The Washington Redskins Charitable Foundation – along with Redskins alumni and Mrs. Tanya Snyder and Kiersten Allen – were joined by the Hogettes, Santa and more than 500 volunteers on Tuesday for the 10th annual Redskins-Harris Teeter “Harvest Feast” presented by Ryan Homes at FedExField.
“It means a lot to everybody to be here,” said Mrs. Tanya Snyder, wife of Redskins owner, Daniel M. Snyder. “And then to see everybody coming in and to see what a difference it makes, that’s truly why we’re all here.”
Mrs. Synder was among a group of more than 500 volunteers from FedEx, Harris Teeter, Prince George’s County Department of Social Services, Redskins Women of Washington (WOW), Ryan Homes and Wells Fargo that joined the Redskins to provide families with whole turkeys from Harris Teeter and packaged and fresh food from Operation Blessing.
Also volunteering were several Redskins alumni who were more than willing to work up a good sweat as they assembled 3,500 sacks full of 20-pound turkeys and other packaged and fresh foods.
“To give that much food away and the different items that you give away, to get them all packed up and ready, it’s a lot of work involved,” said Bubba Tyer, a 2003 Redskins Ring of Fame inductee who was the team’s longtime head athletic trainer. “Me and about 50 other people bagged up the 3,500 turkeys to get them ready for distribution. It was a lot of fun; a lot of work.”
Also packing turkeys was Dan Ryczek, an offensive lineman who was drafted by the Redskins and head coach George Allen in 1971.
“This is tremendous,” said Ryczek, who played for the Redskins until 1975 and also played for the Tampa Bay Buccaneers and Los Angeles Rams. “[We’re] trying to help some people who aren’t as fortunate as the rest of us and a lot of great people volunteering to do this.”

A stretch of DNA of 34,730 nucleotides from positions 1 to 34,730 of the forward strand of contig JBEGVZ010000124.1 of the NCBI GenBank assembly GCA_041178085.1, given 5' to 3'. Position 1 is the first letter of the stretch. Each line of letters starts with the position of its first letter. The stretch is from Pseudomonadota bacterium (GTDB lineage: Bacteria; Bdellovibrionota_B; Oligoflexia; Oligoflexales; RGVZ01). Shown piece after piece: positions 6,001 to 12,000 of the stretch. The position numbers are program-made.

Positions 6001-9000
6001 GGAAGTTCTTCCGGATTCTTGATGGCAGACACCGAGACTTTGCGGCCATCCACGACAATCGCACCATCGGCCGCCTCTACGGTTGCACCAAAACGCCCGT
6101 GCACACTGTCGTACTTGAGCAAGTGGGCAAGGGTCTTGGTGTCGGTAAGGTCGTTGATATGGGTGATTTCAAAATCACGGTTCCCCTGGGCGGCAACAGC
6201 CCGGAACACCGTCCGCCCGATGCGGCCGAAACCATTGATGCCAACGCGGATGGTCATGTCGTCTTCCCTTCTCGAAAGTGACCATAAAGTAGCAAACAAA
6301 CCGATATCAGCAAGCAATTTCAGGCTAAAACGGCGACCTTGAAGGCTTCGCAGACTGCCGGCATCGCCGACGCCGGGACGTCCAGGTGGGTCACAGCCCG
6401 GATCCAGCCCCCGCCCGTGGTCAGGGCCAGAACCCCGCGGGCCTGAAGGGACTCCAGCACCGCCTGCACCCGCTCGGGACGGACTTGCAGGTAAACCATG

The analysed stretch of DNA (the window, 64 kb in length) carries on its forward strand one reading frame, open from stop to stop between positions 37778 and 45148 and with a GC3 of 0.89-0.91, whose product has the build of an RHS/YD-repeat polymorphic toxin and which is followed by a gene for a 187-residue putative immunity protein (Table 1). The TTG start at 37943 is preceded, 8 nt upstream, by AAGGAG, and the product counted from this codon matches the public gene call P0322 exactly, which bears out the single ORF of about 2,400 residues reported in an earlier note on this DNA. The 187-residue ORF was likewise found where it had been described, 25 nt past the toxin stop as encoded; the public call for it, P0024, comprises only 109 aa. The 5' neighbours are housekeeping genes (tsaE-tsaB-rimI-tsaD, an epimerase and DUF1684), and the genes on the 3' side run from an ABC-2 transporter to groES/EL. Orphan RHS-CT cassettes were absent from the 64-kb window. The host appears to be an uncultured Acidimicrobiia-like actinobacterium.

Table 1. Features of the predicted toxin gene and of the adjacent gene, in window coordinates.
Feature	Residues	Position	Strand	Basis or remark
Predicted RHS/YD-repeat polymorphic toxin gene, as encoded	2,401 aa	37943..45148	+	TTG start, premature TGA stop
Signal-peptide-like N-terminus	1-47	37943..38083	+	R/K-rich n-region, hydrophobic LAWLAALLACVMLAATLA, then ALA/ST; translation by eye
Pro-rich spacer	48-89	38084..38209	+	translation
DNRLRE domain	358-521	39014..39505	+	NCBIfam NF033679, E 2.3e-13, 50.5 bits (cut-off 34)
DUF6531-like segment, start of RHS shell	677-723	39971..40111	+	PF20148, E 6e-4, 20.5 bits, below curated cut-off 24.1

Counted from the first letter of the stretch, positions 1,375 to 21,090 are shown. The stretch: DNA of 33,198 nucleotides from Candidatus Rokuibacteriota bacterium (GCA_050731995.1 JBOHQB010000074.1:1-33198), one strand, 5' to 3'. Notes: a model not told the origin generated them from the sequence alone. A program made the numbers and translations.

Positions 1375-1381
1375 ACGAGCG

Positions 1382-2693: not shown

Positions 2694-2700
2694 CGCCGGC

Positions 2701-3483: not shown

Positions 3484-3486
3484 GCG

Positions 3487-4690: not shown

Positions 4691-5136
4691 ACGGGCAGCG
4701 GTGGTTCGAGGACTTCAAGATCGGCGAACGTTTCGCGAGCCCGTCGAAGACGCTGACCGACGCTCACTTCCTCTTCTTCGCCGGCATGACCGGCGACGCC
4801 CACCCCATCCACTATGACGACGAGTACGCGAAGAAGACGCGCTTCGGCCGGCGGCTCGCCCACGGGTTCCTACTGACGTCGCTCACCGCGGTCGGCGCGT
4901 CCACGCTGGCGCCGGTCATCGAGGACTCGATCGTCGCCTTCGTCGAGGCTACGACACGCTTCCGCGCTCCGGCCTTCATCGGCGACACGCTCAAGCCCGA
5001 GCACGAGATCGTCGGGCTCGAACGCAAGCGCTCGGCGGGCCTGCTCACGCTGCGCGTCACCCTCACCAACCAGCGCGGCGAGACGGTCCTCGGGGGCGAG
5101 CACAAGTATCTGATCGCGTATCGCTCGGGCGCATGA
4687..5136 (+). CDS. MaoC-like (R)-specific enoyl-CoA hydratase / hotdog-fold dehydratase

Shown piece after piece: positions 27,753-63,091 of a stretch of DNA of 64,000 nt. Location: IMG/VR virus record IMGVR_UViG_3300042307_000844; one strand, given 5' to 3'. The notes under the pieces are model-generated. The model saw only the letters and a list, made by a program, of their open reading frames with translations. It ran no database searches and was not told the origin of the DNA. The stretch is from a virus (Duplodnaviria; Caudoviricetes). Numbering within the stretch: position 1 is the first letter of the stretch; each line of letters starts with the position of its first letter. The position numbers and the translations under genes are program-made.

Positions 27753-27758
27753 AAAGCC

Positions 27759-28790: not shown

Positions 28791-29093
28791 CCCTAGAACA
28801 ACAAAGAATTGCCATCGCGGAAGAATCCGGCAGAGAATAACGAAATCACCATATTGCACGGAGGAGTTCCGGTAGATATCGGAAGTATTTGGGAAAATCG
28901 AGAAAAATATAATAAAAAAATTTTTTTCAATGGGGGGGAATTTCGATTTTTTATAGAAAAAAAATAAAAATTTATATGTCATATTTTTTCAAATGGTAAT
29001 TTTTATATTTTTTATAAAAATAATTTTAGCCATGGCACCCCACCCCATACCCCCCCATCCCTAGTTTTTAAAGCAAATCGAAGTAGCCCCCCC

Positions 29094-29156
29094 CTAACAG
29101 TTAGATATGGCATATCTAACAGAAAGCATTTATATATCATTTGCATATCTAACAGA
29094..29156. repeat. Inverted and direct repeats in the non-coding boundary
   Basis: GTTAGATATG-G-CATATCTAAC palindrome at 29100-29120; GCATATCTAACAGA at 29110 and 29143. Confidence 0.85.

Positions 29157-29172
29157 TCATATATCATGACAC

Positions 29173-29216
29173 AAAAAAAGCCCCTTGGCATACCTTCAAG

Manning the canning station was Fred Dean, one of the original Hogs who won a Super Bowl title with the Redskins in 1982.
“It means the world to me,” Dean said of volunteering at the ‘Harvest Feast.’ “You think about the families that don’t have [this], and they’re going to be able to have something for Thanksgiving and the Holidays? Man, there’s nothing better than that.”
Snyder said she remains extremely grateful for the hundreds of volunteers that come out each year to make the “Harvest Feast” an annual success.
“I’m very proud that it’s grown to be what it is,” she said. “I just want to say thank you to everybody for helping make this possible; otherwise, we wouldn’t have this.
“Everybody has been so generous and it has grown to what it is today: 3,500 turkeys and 10 years and going strong, so we’re really proud.”